Right, okay. Listen, so probably the more important question – take your point that favorable development is noble, but obviously we all have to estimate it going forward. It looks like you guys had more meaningful favorable flow development sort of ex-asbestos in North America in the quarter. Given that some other companies seem to be going the other way, I’m wondering if you can give us color on some of the underlying frequency and ancillary trends you’re seeing, and walk us through the puts and takes by lines of business and sort of older versus more recent accident years, so we can try to get a handle on how this plays out going forward.

Evan Greenburg

No. We’ve given you—first of all, we disclose loss triangles that we put out once a year, and there is plenty of data therefore to judge movement in accident years, movement among lines of business. We give that to you in our 10-Qs; you get more of it in our 10-Ks. But the loss triangles that came out in September, for those who have been following them by the year, you’re able to make your own judgments on the strength of our loss reserves, as many analysts have done, and overlay your own judgment as to what you think are the strengths of those reserves or not, and you can do by line of business. So if you like, we have guys who will be happy to provide you a copy of those loss triangle studies that we have put out, and we can provide you copies of what others have done as work that has been published out there. We can help you with some of the worksheets to understand how they read, if you like; but the material’s out there for you.

Philip Bancroft

Josh, we also will publish in the Q details about this quarter’s prior period development, where it came from, what years, why it occurred; so you’ll be able to see it then.

Josh Stirling – Sanford Bernstein

Okay, great. We’ll look at the Q. Thanks so much.

Evan Greenburg

You’re welcome.

Operator

We’ll go next to Jay Gelb of Barclays Capital.

Jay Gelb – Barclays Capital

Thanks. I wanted to follow up on the issue of excess capital. Phil, I think you said—or maybe it was Evan, that the excess capital held at the Company was a drag of around 1.7 points on return on equity in 2011. And if I just look at Page 21 of the supplement relative to around $22 billion in average equity as adjusted, it’s only, like, less than $400 million. So am I missing something?

Philip Bancroft

Say that again?

Jay Gelb – Barclays Capital

If I take 1.7 points of the average equity for 2011 that you used to calculate ROE of $22 billion, it’s less than $400 million—

Philip Bancroft

What Evan is saying the drag on ROE is 1.7 points.

Jay Gelb – Barclays Capital

Right, but that implied dollar amount is only $400 million of excess capital, which seems low.

Philip Bancroft

I don’t think that’s correct. I’ll take it offline with you and I’ll explain what we mean by that.

Jay Gelb – Barclays Capital

Okay. And then my follow-up is in the growth outlook for 2012 – I believe in the past ACE has given some view on net written premium growth for the year; and given that we’ve got some puts and takes on various lines of business, where do you think that might come out for 2012 overall?

Evan Greenburg

No, we gave it last year because given all the acquisitions we had made, I thought it was—I wanted you to have a little more clarity. But other than that, we don’t give premium revenue forecasts for the year. Last year was an exception. We’re not forecasting premium.

Jay Gelb – Barclays Capital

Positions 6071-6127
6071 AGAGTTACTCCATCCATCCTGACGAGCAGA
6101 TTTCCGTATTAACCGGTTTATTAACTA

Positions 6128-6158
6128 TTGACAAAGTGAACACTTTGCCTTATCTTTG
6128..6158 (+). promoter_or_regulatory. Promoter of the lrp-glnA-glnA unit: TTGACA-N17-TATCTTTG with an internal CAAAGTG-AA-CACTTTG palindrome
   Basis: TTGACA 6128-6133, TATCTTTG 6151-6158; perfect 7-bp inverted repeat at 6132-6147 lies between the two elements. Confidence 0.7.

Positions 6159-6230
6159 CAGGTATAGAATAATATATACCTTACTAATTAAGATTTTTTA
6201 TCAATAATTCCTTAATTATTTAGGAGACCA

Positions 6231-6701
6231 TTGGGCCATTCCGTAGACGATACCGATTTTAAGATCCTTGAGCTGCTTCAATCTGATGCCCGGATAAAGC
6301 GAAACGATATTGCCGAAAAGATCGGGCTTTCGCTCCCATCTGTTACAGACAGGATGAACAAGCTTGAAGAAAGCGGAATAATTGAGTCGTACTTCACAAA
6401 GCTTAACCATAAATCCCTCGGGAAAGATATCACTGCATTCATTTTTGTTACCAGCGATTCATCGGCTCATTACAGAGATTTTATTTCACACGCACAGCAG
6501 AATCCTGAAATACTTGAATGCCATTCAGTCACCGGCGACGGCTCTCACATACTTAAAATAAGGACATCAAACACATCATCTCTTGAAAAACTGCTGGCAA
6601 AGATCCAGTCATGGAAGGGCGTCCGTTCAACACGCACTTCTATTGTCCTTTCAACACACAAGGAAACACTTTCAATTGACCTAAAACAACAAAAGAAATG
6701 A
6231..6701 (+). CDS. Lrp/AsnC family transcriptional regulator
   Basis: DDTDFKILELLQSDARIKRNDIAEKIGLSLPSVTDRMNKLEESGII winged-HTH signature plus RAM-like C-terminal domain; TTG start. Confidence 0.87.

I see. All right. And then just a clarification on investment income – Phil, I think you said the run rate was 545 million, but last quarter you said 555 to 565. So I’m just trying to figure out, are you assuming no private equity gains in that run rate number going forward?

Philip Bancroft

We have about 10 million of private equity in the run rate, and we also have our best estimates of portfolio turnover. As you heard, our book yield is 4.2%. The new money rate, if you invested in the same distribution as our portfolio, is 3.1, so we’re expecting a decline in investment income as our portfolio moves into lower rates. That’s going to be offset to some extent by cash flow, but that’s our best guess of the net of all that.

Jay Gelb – Barclays Capital

Thanks for the clarification.

Operator

We’ll go next to Meyer Shields of Stifel Nicolaus.

Meyer Shields – Stifel Nicolaus

Thanks, good morning. Two quick questions, if I can – one, are you expecting to retain a higher percentage of gross written premiums in 2012?

Evan Greenburg

No.

Meyer Shields – Stifel Nicolaus

Okay. And do you expect, I guess, commissions or acquisition costs to decline a little bit, sort of in response to the rate improvement that we’ve seen so far?

Evan Greenburg

No, nothing material. No.

Meyer Shields – Stifel Nicolaus

Okay, thank you.

Evan Greenburg

You’re welcome.

Operator

We’ll go next to Jay Cohen of Bank of America.

Jay Cohen – Bank of America

Yes, thank you. Thanks for the added disclosure as far as the earnings contribution from various parts of the business. It does highlight the fact that the crop business, let’s say the margin on that crop business was quite a bit lower in 2011 versus 2010. I’m wondering which of those years do you see as a more normalized number – one might have been very good, one might have been more challenged. Is there any sort of normalcy in any of those numbers?

Evan Greenburg

First of all, Jay, so you’re not confused, we didn’t give you a crop combined ratio. We gave you an agriculture combined ratio, which includes crop, our farm book, and our agriculture-related property writings first quarter of Penn Miller, which admittedly is quite modest. So it’s a combination of businesses in that that we gave you. We did not break out the crop by itself, but the agri division. So I want you to know that, number one.